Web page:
A: Because the location really is in New York. Also to help erase ideas of entitlement and the brainwashing of colonialism that spur on false classifications such as “3rd world.” Categories like 3rd and 1st world, or East and West, or the “Orient” were shrewdly created in order for one to exploit the other, economically, mentally, and imaginatively."
Read the rest of the interview here.
And an intro to Chop Shop (i believe this came from the AFI Fest):"Chop Shop
USA, 2007, 84 min, 35 MM
DIR: Ramin Bahrani
SCR: Ramin Bahrani, Bahareh Azimi
PROD: Jeb Brody, Marc Turtletaub, Lisa Muskat
DP: Michael Simmonds
ED: Ramin Bahrani
PROD DES: Richard Wright
EXEC PROD: Peter Saraf
MUS: M. Lo
CAST: Alejandro Polanco, Isamar Gonzales, Rob Sowulski, Carlos Zapata, Ahmad Razvi
Combining the powers of observance and understatement, director Ramin Bahrani is able to render an emotional tale of two siblings who struggle to stay together and get their own little piece of the American dream.
Small in stature but huge in ambition, 12-year-old Dominican orphan Alejandro works every angle in his struggle to support himself and his older sister. He lives and works in an auto-body repair shop in a sprawling junkyard on the outskirts of Queens, New York. CHOP SHOP is a portrait of a young boy navigating his way through a chaotic adult world. Set in a stunning and unique location, it is subtle and simple, but tells a profound story about the people who live, work, and dream there.
With its terrific performances from both Alejandro Polanco (a first-time actor found in a public school in Manhattan) and Isamar Gonzales, CHOP SHOP is a thoughtful, evocative portrayal of family, longing and the chaotic nature of life. Bahrani firmly establishes himself as a bright light in cinema and a passionately inventive filmmaker."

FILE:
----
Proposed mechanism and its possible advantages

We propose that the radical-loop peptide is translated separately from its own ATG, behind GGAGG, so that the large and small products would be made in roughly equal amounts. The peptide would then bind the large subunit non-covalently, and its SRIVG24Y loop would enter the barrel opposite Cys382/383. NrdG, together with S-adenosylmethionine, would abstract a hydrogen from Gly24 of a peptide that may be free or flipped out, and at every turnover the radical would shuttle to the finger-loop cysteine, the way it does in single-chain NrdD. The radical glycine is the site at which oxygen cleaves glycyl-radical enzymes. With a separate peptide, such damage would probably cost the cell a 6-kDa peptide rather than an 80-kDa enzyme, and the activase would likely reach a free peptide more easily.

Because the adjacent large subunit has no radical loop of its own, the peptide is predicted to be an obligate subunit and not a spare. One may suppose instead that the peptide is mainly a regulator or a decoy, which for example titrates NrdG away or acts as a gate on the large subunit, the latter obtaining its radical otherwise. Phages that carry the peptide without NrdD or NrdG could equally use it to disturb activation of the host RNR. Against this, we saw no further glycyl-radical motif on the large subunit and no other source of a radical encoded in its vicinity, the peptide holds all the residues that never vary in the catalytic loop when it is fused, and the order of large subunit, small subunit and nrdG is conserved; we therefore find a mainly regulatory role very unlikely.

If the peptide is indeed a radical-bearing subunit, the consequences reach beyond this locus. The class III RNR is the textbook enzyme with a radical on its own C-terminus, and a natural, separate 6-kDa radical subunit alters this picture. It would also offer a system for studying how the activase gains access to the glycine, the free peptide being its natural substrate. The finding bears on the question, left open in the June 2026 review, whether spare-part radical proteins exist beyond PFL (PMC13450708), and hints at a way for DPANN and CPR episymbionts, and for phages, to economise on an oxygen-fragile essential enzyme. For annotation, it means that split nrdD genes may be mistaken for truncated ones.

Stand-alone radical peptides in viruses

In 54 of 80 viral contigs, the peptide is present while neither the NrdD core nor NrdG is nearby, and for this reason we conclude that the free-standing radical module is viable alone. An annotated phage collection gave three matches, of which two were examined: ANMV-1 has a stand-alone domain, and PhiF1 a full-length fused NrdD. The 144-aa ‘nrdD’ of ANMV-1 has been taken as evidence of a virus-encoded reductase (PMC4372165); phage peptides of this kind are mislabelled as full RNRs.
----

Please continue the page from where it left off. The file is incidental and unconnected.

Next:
Find out more about Chop Shop & Bahrani at this Noruz Films website.- Sujewa
Wednesday, November 28, 2007
" What was the inspiration for your film "In Search of a Midnight Kiss"?
I was dumped, flat broke, at a career low after watching my life fall apart in three months and working at a video store on New Year's Eve when I started to consider, "In Search of a Midnight Kiss." I wanted to watch a really funny and cynical movie about how ridiculous New Year's Eve was when you were dateless and depressed. So that led to thinking about that nether zone of the year between New Year's and Christmas when all the lonely people are hanging around their families going crazy and thinking about the next year and what they will do differently. So Sara Simmonds (Vivian in "ISOAMK") and I walked the streets of downtown talking about this movie and discovered all of these amazing locations. We could not believe that no one had captured the beautiful and post-apocalyptic downtown. That set the wheels in motion, but it took getting the axe with my studio project and a phone call from my friend Robert Murphy (cinematographer of "ISOAMK") saying that he had just bought an HD camera and was coming to L.A. for a week to finally put pen to paper. It was Dec. 26th a year later. I then wrote the 130 page script by Jan. 8th when we began shooting. Robert didn't even know we were shooting a feature. He figured it was a short since we only had 8 days at the time. On the first day he looked over and saw the 130 page script. He didn’t want to ask me such a question, so he whispered to Scoot, 'Is that the script we are shooting?' thinking there was no way we could film that many pages. But we were so desperate and motivated having the chance to shoot again, that we made it happen."